Many expressed belief that DAOs still hold the best potential for creating a “global governance layer” where other institutions and attempts have clearly fallen short - we are just not there yet.
Q11: What advice would you give someone who would like to pursue DAO leadership?
“You have to have both the skillset and the desire to continually decentralize the work that you’re doing.” - Leela, DreamDAO
This is a highly experimental space and learning through mistakes is an imperative part of leading in DAOs.
In conlusion, people within DAOs feel deep gratitude to be in this space. There is a sense of building the future, while simultaneously building the person. For an infographic summary see below. Please check out the long form Mirror article for additional details.
Elsewhere in Web3
The term 'autonomy' is often used to refer to the freedom an individual or organization has from external influence or control. It is a multifaceted concept that can be divided into two categories: functional and political autonomy. Functional autonomy refers to an organization's ability to respond to complexity in its internal operations, while political autonomy relates to an individual or organization's freedom from external political influence. Michael Zargham's talk on 'Disambiguating Autonomy' aims to clarify the concept by breaking it down into these categories and further into strategic and tactical autonomy. A decentralized autonomous organization (DAO) exercises collective autonomy, meaning it has the freedom to make decisions about how the group will act, and strategic autonomy, which is the ability to set primary goals, performance metrics, KPIs, and policy-making. Autonomy is a relational concept, and relationships within the same scale are easier to reason about.
Current token designs for protocols grant the same form of ownership to all stakeholders, regardless of their role or value contribution. This approach is potentially inefficient and limits sustained user involvement over time. One solution to this is to explore a hybrid token model that assigns different forms of ownership based on the value contributed by users, founders, and investors uniquely. A hybrid model will allow for more efficient use of protocol capital and ensure that ownership rights can be given to users in perpetuity. Shough.eth from Variant proposes a token design that grants appreciating tokens in perpetuity to stakeholders where there is high assurance about the long-term value they are providing.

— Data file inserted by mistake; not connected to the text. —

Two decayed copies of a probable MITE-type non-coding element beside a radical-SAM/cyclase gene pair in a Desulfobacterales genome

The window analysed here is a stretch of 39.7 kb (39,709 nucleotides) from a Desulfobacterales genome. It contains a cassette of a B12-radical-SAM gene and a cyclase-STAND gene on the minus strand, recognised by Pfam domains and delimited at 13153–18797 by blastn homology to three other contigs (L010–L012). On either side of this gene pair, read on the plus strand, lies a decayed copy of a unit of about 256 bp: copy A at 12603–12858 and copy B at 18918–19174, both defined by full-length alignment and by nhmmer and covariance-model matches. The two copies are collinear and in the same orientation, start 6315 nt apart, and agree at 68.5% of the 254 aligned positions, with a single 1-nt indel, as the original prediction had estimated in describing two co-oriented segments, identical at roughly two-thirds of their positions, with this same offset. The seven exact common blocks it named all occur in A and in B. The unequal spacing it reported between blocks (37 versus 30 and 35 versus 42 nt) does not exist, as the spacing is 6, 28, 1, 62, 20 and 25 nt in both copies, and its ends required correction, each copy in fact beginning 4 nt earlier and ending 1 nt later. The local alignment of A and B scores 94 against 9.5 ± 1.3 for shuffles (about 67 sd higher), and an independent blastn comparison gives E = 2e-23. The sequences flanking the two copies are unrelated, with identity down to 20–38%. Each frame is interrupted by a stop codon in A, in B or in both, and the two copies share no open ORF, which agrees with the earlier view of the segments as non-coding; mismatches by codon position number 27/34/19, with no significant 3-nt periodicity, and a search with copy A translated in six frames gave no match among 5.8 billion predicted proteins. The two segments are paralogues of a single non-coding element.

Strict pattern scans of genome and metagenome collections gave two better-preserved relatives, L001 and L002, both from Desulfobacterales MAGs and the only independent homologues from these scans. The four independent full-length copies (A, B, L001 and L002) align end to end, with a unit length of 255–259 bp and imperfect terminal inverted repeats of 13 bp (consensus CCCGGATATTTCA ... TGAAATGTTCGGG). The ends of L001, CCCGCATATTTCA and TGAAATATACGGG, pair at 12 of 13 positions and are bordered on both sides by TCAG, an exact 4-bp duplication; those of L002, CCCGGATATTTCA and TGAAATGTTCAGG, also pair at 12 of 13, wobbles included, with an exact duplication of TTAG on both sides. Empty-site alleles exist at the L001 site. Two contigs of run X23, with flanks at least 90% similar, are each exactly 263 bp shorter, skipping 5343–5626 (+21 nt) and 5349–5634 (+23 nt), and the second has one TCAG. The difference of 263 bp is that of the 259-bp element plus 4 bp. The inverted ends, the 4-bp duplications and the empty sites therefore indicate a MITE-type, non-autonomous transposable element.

Is Wikipedia the First DAO? The author presents a strong argument that it just might be. Wikipedia's success in gathering a community around collective sense-making shows that humans have an inherent desire to work together and create value, and that coordination is the most important design space that exists.
DAOs are often focused on governance, but this approach can be a recipe for failure as governance and automation are inversely correlated. Instead, the strength of DAOs lies in coordination, and they can be decentralized economic game engines that create order from chaos. To achieve maximum coordination effectiveness, DAOs must be structured as multiplayer games, reward outcomes rather than activity, build in growth and self-replication, and minimize governance through parameterization. By centering on coordination, DAOs can unlock new possibilities and gain compounding returns by designing testable and reusable game elements. Coordination should be at the center of DAO design, and governance should only be added as needed. DAOs can be a form of digital life that sustains their own life and encourages beneficial replication. What kind of innovative coordination games could be developed within the DAO ecosystem?
Samantha starts an important conversation that many DAOs are too uncomfortable to have but inevitably must be addressed: How do we audit the social layer? DAOs who have yet to codify rules as code are often less trustworthy because of the ease in social attacks, and attackers often attempt to exploit social vulnerabilities first. At talentDAO we believe good organizational science will de-risk DAOs and psychometrics will be the blueprint for layer zero contract audits to reduce social engineering exploits.
Rika’s thoughtful response to the Protocol First strategy written by 0xJustice further enriches the conversation on potential blueprints for DAOs. To truly scale DAOs will need to adopt a platform first, not protocol only approach.
Discourse generates significant conversation data that can be computationally analyzed to explore broad discursive trends. 4,811 discussion threads from 15 DAOs were analyzed, yielding 59,806 documents that represent members' posts or replies in forums. The data revealed two main areas of discourse: scalability issues and governance participation. Discussions on scalability focus on issues around scalability and scaling solutions, while governance participation looks at concerns regarding delegation and incentivization of governance participation and whether/how delegates should be compensated.
Pairs nicely with the Discourse NLP research being done by community members at TalentDAO
Karma analyzed delegation activity of a few large DAOs over the course of Q3/Q4 of 2022 and found that Ghost Delegates make up on avg. 53% of all delegates. Ghost Delegates are delegates that never voted even once:( Read the thread for more details.